CP pledges $1 million to underpass

CP Rail is all aboard the Ross Street underpass project with a $1 million commitment, though construction may not be on track

Site: A letter from CP Rail to the city confirmed a company contribution of $1 million towards the development of an underpass at Ross Street. An agreement must be signed by Dec. 31

Site: A letter from CP Rail to the city confirmed a company contribution of $1 million towards the development of an underpass at Ross Street. An agreement must be signed by Dec. 31

CP Rail is all aboard the Ross Street underpass project with a $1 million commitment, though construction may not be on track for another few years.

During city council’s budget deliberations last Thursday, administrator Carl Bannister presented to council a letter from CP government affairs director Mike LoVecchio, stating the company supports the project and has earmarked $1 million towards it.

LoVecchio explains the offer comes “without prejudice,” but requires the signing of a project agreement between the city and CP, and comes with a deadline of Dec. 31, 2016. He notes the underpass would benefit CP by reducing vehicle and pedestrian interactions with CP tracks, “increasing the efficiency and safety of our operation.”

Bannister said the letter represents CP is supportive of the project, both monetarily and in terms of the $40,000 in related design work that has already been done.

“You might recall we had to change the scope of the project because CP is insisting on keeping the three tracks that are there,” said Bannister. “So we addressed that issue and advanced the design to where it is right now.”

Mayor Nancy Cooper later told the Observer that she is grateful for CP’s commitment, but she will be looking for a “further contribution from them and I think they are well aware of that.”

“I understand, down the road, we could see more trains at faster speeds coming through Salmon Arm, so eliminating a crossing is advantageous to CP. My task will be to convince CP that advantage is worth more.”

In the new year, the city will proceed with a detailed design of the underpass. This design is expected to cost $470,000, to be funded from the Development Cost Charge (DCC) Underpass Reserve fund.

“So it doesn’t really affect the tax impact of this budget,” said Bannister, noting the two design projects represent about six per cent of the cost of the overall project, estimated at $8 million after CP’s contribution.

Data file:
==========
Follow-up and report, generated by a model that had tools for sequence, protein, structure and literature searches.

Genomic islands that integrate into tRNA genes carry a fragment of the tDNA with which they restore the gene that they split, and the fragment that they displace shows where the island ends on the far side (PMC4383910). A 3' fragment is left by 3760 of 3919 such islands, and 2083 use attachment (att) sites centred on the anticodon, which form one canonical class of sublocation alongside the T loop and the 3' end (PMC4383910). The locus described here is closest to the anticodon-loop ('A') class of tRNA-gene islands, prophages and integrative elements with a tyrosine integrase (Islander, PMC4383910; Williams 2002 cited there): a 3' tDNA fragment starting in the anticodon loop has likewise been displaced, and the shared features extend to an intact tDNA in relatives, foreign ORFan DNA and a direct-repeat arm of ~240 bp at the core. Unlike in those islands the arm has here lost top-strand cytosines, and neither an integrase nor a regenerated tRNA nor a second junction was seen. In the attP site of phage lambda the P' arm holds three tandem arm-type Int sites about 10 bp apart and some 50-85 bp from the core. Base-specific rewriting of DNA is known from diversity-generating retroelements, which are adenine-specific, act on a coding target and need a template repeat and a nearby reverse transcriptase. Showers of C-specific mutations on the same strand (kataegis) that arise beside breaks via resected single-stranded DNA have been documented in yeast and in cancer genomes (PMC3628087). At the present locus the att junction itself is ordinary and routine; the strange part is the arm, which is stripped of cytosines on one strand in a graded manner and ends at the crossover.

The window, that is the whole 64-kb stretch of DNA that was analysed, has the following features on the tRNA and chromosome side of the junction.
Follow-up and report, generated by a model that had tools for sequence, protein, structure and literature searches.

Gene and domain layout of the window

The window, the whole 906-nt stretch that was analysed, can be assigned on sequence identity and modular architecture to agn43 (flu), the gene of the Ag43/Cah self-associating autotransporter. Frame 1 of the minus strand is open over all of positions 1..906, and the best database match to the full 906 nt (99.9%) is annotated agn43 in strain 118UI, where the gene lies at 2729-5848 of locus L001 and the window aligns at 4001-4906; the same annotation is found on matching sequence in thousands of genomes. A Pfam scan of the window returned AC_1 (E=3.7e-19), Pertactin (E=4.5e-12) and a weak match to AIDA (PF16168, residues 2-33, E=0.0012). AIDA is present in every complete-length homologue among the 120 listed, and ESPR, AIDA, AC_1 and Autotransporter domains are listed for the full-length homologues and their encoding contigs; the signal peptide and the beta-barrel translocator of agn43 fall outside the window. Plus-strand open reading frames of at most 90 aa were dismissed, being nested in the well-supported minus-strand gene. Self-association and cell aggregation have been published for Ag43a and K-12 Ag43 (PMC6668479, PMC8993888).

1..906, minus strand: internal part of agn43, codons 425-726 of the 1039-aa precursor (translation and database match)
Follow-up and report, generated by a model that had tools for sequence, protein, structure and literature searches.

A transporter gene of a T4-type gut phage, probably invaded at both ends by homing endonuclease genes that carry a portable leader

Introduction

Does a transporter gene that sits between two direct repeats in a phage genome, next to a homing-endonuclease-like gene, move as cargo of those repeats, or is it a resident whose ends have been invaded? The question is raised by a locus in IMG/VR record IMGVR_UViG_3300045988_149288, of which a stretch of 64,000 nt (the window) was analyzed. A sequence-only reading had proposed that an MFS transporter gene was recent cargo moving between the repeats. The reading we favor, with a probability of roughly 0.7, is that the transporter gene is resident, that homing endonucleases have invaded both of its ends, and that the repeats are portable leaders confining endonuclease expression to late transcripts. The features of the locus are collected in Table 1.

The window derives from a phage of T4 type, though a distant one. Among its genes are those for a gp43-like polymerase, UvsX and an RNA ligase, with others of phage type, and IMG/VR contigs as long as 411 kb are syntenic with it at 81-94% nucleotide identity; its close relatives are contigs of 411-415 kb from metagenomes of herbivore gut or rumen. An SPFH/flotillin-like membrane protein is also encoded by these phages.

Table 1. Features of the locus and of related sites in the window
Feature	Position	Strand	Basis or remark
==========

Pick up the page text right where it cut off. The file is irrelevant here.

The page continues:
“That includes a 30 per cent contingency,” said Bannister. “If you take that contingency off, it’s at 5.6 million for the cost of the project. So we are advancing the project.”

Discussion of the underpass was initiated by a debate between councillors as to whether $30,000 be budgeted for a City Centre Transportation Plan which, according to public works and engineering director Rob Niewenhuizen, would build on a downtown transportation study undertaken in 2008/09, and a traffic corridor study (focused on the Trans-Canada Highway), funded in part by ICBC and the province. Among the second study’s recommendations was the moving of traffic signals from Ross Street to Fourth.

Coun. Alan Harrison noted downtown businesses were opposed to this, and said he couldn’t support the new study, calling it premature.

Coun. Denise Reimer said the study is important, but agreed with Harrison that 2015 isn’t the time for it.

“I personally believe we should be looking at this when we’re looking at the underpass as a whole, so that hopefully we get more bang for our buck,” said Reimer.

Coun. Marg Kentel argued the traffic study should proceed in 2015, while Coun. Ken Jamieson agreed it should be bound up with the underpass.

The argument was resolved with council’s unanimous support to set aside $15,000 in reserve to fund the study in the future.








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